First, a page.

Learning in the garden – a lesson for us all

By Tom Warman, Director of Marketing & Development

With spring well and truly in the air and the tough winter months behind us, it’s amazing how the world seems bigger, brighter and fresher – not least thanks to the fact that, for those of us with gardens, we now have a whole new space to relax and play in.

At Eureka! learning about the world we live in automatically includes helping children understand about the environment and the importance of plants and wildlife, which is precisely how Our Global Garden gallery initially came about. But we also want children to enjoy the outdoors simply for what it is – a fantastic, free outdoor space in which to play, learn and feel close to nature – hence the development in 2010 of our outdoor Wonderwalk which helps children explore the sights, smells and textures of nature.

Great outdoors or great big yawn?

However, it seems perhaps that for many children these days the great outdoors has become the great big yawn. Research last year by Play England and antiseptic brand Savlon startlingly revealed that 1 in 3 children between the age of 6 and 15 have never climbed a tree and that 60%would prefer to play computer games than venture outdoors.

Games like Farmville attract a staggering online following, but can't replace real life engagement.

However, the good news is that at least 40% would like to be outside, and 2 out of 3 children have actually experienced the fun of climbing a tree. It just seems as if games consoles, tablet PCs and mobiles seem to have won the battle for their attention – at least for the time being. But its not just children that seem distracted by technology – Social media-embedded games that replicate the great outdoors, such as Farmville, have attracted a staggering global adult audience of 100m users! That’s 100m grown ups that could be engaging with children in the garden, growing plants from seed even – just like a real farm!

Interestingly, the Royal Horticultural Society (RHS) also sees great benefit from engaging children in the garden and, and as well as launching next week’s National Gardening week, launched a campaign in 2010 for school gardens to be reintroduced as part of a wider programme of curriculum-related activities. Its research found that, as well as helping children lead happier, healthier lives, gardening helped them acquire the essential skills they need to fulfil their potential in a rapidly changing world and make a positive contribution to society as a whole.

So, top marks to the RHS for leading on a campaign which, in effect, not only recognises the importance of gardening (no surprise there then) but also sees the garden as another learning space – a classroom even. Hoorah!

Does bacon come from sheep?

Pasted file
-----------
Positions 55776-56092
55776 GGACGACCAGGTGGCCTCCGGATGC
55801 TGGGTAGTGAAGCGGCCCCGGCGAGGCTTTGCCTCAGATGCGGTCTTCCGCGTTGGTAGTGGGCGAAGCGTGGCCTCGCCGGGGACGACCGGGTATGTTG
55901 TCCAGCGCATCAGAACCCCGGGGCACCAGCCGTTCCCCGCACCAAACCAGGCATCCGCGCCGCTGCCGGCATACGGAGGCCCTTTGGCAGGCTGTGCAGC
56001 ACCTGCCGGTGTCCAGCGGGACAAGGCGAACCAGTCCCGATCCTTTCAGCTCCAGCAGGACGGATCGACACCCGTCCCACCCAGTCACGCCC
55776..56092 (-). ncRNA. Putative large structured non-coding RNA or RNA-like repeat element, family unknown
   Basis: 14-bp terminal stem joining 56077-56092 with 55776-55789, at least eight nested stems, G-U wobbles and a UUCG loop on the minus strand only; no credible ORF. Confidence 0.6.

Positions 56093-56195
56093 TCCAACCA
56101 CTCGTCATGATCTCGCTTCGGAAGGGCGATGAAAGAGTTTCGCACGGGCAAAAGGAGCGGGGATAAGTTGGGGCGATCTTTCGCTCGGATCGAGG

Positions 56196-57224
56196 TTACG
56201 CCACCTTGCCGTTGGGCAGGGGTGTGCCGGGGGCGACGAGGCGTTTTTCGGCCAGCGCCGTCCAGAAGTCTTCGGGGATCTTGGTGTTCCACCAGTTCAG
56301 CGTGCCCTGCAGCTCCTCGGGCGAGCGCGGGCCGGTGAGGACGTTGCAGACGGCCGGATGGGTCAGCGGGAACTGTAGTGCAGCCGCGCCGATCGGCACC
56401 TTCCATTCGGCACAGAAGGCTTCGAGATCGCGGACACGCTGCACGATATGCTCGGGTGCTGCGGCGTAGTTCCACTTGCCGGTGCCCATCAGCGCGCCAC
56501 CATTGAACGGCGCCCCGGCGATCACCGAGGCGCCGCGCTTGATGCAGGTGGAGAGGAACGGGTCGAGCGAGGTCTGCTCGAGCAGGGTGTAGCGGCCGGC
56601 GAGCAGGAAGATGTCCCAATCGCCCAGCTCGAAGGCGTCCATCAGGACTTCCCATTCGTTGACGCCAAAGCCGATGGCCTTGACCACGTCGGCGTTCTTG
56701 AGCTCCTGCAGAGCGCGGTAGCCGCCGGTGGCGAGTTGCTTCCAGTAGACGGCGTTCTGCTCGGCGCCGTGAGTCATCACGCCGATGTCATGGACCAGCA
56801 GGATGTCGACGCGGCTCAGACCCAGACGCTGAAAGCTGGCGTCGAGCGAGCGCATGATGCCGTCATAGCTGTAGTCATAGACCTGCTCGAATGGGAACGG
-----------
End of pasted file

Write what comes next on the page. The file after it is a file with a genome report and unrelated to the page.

This brings us on to another important lesson for a sedentary generation of children who remain transfixed by their technological gadgets and, as a consequence, are less aware than previous generations as to where it comes from. Only two years ago, a survey conducted by the Home Grown Cereals Authority on behalf of the National Farmers Union found that 26% of children thought bacon came from sheep while 29% claimed oats were grown on trees!

Seeds + soil + water = your first gardening lesson

Whilst we’re not advocating that every parent and child should convert their gardens into fully working farms, it’s not difficult to want to endorse National Farmers Union president Pete Kendall who said “Everyone should know where primary foods like cereals are grown and the importance they play in helping us achieve a healthy balanced diet.” And for us, even the most rudimentary of lessons in the garden could start with a 50p packet of seeds, a patch of soil and a watering can. Who knows where this might lead?

A generation disconnected from nature

Fewer than 10% of children play in wild outdoor places

Only last week The National Trust published A Natural Childhood a compelling report written by Stephen Moss, in which it draws attention to Nature Deficit Disorder, a growing phenomenon based on evidence which shows that society, and particularly children, are becoming increasingly disconnected from nature. Whilst the report notes that fewer than 10% of children play in wild outdoor places, compared to 50% a generation ago, the good news is that there are still parents and grandparents who can remember the pleasures of outdoor play and can help to reverse the current trend. The challenge is to get them to make it happen.

Eureka! Playscape and Play 20 campaign

Back at Eureka! a key aspect of our future development strategy is the creation of an outdoor playscape which will be designed to re-engage children and families with the endless possibilities of playing outdoors, exploring and quantifying elements of risk through play and simply being active in a way that isn’t dependent on technology, a phone app or a games console. We’ve also launched our Play 20 campaign to increase inter-generational play, including ideas for play at the park (or garden!) and which will feature additional, seasonal outdoor play ideas throughout the year.

The ultimate benefit from playing in the garden or outdoors is that it gives everyone a healthy regard for being active – and who knows, we might just help buck the long term prediction that (on current trends) 6 out of 10 children will be overweight or obese by 2050. Surely it’s worth a try?

About Eureka! Experts Blog

The experts in play and learning from Eureka! The National Children's Museum
Gallery | This entry was posted in child development, childhood, children, children's museums, curriculum, education, health, nature play, outdoor play, outdoors, play, play spaces and tagged , , , , , , , , , , , . Bookmark the permalink.

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